“Lest we forget” for me is about attempting to connect with the unimaginable pain experienced by so many through the loss of just one soldier.  We must not forget the immense sacrifice they gave for their brothers in arms, the mission, their Country and the world.  I challenge you to consider battles such as Vimy, where 3,598 lost their lives in one day or how in the First World War more than 60,000 lost their lives.  Now think of Hornburg, Starker, or Miok and multiply that loss by 60,000 and you will see it is only humanly possible to ‘scrape the surface of sacrifice’.
                This Remembrance Day I hope you to will try to ‘scrape the surface of sacrifice’ and connect with the massive loss experienced by our Canadian soldiers and their families.  I hope you can step back from the media and video games that glorify war and recognize the dulling effect they have on our empathetic responses towards war.  I hope you can engage in active remembrance by learning about a story of someone connected to you or even a complete stranger.  Without this effort to actively remember we run the very real risk of repeating the choices of the past and subjecting our future generations to pay a debt which has already been paid in full.
I hope that through the creation of the Vimy Flute I can honor the sacrifice of all Canadian Solders and help other ‘scrape the surface of sacrifice’ with me.  May we create the better future which so many have sacrificed so much for.

Thursday, 3 November 2016

The Craftsmen and Artist

The man with the all the skill
Stephen Rensink
Maya Angelou once said “I've learned that people will forget what you said, people will forget what you did, but people will never forget how you made them feel” I attribute this quote to only those I feel who an personify it. I would like to introduce such an individual, Stephen Rensink.  Stephen is a former school teacher who truly leaves you feeling better about yourself when you meet with him.  I can imagine that this was the impact he had on his students as well. On a side note Stephen is a great team player as he really did not want me to put his picture online but let me do it regardless.  Keep that reluctance in mind because when asked he was willing to meet with CTV News to talk about his work and the Vimy flute… if that’s not a team player, I don’t know who is.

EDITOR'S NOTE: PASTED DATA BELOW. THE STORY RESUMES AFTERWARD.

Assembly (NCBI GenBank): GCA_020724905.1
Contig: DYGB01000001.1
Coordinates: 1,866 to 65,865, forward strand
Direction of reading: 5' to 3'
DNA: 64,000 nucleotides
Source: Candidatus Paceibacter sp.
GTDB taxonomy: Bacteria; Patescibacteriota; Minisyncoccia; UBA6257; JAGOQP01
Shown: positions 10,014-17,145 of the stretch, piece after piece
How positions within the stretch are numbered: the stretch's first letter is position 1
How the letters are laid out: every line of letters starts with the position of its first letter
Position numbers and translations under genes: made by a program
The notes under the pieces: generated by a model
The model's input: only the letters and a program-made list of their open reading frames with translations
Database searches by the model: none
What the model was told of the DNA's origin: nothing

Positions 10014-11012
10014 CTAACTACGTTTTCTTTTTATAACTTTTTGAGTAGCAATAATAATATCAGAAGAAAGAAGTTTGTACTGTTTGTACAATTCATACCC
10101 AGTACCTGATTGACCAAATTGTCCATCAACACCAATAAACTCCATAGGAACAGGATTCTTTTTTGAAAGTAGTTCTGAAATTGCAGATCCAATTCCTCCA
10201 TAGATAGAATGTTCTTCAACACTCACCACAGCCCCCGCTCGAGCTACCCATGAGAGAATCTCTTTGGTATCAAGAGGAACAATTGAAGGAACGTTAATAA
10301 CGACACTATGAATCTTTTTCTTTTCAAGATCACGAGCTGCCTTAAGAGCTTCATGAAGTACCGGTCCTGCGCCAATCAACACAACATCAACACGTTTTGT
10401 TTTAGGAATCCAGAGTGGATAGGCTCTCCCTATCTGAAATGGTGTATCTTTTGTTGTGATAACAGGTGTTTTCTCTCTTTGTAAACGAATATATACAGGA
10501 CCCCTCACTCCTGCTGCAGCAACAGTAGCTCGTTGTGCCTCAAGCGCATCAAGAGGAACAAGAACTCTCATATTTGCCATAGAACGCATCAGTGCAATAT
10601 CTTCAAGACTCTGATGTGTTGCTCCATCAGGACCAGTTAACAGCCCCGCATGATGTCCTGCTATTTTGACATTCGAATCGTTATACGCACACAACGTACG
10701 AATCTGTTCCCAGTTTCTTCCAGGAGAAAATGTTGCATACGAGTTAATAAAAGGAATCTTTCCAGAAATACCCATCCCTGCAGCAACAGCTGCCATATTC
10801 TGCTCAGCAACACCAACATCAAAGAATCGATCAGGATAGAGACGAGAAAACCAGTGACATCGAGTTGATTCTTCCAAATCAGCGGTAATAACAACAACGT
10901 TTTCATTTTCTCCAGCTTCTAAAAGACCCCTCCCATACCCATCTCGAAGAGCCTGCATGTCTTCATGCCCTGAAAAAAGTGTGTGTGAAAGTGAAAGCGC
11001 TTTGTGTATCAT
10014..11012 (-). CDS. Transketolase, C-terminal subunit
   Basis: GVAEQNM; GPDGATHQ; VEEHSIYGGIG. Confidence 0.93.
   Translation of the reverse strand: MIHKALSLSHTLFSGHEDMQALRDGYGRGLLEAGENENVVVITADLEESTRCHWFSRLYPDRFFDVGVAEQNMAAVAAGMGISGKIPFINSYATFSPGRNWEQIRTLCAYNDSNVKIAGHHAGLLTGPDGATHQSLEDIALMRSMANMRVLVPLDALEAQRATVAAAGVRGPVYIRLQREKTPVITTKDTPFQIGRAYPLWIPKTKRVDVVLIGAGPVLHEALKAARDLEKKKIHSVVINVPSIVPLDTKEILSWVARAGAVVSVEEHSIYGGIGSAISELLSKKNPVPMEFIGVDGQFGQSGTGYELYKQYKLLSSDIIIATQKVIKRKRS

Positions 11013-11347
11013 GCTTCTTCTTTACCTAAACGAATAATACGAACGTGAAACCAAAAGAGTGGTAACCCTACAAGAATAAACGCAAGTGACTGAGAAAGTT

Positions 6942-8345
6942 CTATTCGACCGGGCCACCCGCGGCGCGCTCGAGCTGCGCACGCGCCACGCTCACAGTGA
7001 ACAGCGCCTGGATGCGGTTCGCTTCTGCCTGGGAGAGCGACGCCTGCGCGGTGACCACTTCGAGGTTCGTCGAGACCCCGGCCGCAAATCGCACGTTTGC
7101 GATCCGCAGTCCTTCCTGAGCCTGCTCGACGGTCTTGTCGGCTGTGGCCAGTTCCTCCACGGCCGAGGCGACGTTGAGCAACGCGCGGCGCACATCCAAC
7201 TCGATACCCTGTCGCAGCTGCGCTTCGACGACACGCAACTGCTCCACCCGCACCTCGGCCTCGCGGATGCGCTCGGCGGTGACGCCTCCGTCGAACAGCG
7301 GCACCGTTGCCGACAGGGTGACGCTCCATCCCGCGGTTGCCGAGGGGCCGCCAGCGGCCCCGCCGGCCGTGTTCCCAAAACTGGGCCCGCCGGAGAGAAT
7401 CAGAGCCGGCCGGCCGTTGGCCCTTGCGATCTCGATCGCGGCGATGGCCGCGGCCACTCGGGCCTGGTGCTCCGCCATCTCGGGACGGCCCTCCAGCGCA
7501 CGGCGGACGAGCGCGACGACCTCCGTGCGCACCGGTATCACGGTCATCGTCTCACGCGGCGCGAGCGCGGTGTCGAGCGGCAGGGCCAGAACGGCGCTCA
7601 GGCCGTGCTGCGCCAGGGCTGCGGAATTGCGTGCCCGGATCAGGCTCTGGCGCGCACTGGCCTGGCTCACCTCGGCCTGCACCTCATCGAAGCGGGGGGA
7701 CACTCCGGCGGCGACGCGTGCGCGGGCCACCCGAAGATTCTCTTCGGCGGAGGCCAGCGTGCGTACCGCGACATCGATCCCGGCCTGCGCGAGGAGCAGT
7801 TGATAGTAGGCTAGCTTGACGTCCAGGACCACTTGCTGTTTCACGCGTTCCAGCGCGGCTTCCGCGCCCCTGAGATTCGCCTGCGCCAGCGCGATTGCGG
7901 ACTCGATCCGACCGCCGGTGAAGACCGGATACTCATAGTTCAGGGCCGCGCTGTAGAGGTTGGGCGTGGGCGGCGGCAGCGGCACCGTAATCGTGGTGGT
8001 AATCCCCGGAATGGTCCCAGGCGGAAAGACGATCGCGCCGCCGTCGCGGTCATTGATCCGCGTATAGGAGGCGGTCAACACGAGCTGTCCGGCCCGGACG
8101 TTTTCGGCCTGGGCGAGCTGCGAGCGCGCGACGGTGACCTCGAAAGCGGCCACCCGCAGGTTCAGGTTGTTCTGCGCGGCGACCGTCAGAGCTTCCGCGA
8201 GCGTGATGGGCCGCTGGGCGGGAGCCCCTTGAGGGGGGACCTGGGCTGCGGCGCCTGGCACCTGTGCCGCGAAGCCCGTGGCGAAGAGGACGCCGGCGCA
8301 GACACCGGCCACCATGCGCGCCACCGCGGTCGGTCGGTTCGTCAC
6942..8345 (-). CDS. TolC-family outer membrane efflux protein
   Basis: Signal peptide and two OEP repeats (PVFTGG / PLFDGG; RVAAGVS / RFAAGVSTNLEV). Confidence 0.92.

A Makwa Drone Flute
Made by Stephen
Stephen is the key player in this story as it is his craftsmanship and hard work that will forge the flute from the Vimy Oak.  When you visit Stephen’s website (http://makwaflutes.ca/) or Facebook page Makwa Flutes you will see that he “…is committed to working closely with clients to create custom made flutes with a story”.  Stephen has demonstrated his commitment to this mission as he has volunteered his time to build the Vimy Flute and thus bring the story of the flute to being. This is a testament to the high quality person Stephen is.  Though nether Stephen or myself come from a Frist Nations heritage Stephen feels that his ability to make the Native American Flute is a gift to which he is very grateful for.  Stephen does not look to appropriate any aspect of First Nations culture rather he strives to promote cultural awareness and connection through his art.  Similarly I have found the Native American Flute to be a powerful median of self expression and am grateful for my ability to play the instrument. Throughout the process of making the flute Stephen will be sending me pictures and even sound clips so that I can update you on the flutes progress.  I am so grateful to have met this man and look forward to where this project will go. 

All stories often have a key connecting players that enable the story to happen.  For the Vimy Oaks it is Monty McDonald and his dedication to the memory of his friend Leslie Miller.  For the Vimy flute it is David Bouchard.  Though I have only had very limited conversation with David I am so grateful for him. David is a speaker, author, and writer who discovered his Metis ancestry and
David Bouchard Picture from
dedicated himself to actively sharing his heritage and inherited memories for the benefit of others.  As a result of his work David has become significant figure in the greater Canadian community.   With the inclusion of art, music, and poetry to his work he makes his messages accessible to everyone.  It is the accessibility of his work that has earned him the accolades and awards he is often recognized for.  Check out his website at http://davidbouchard.com/ .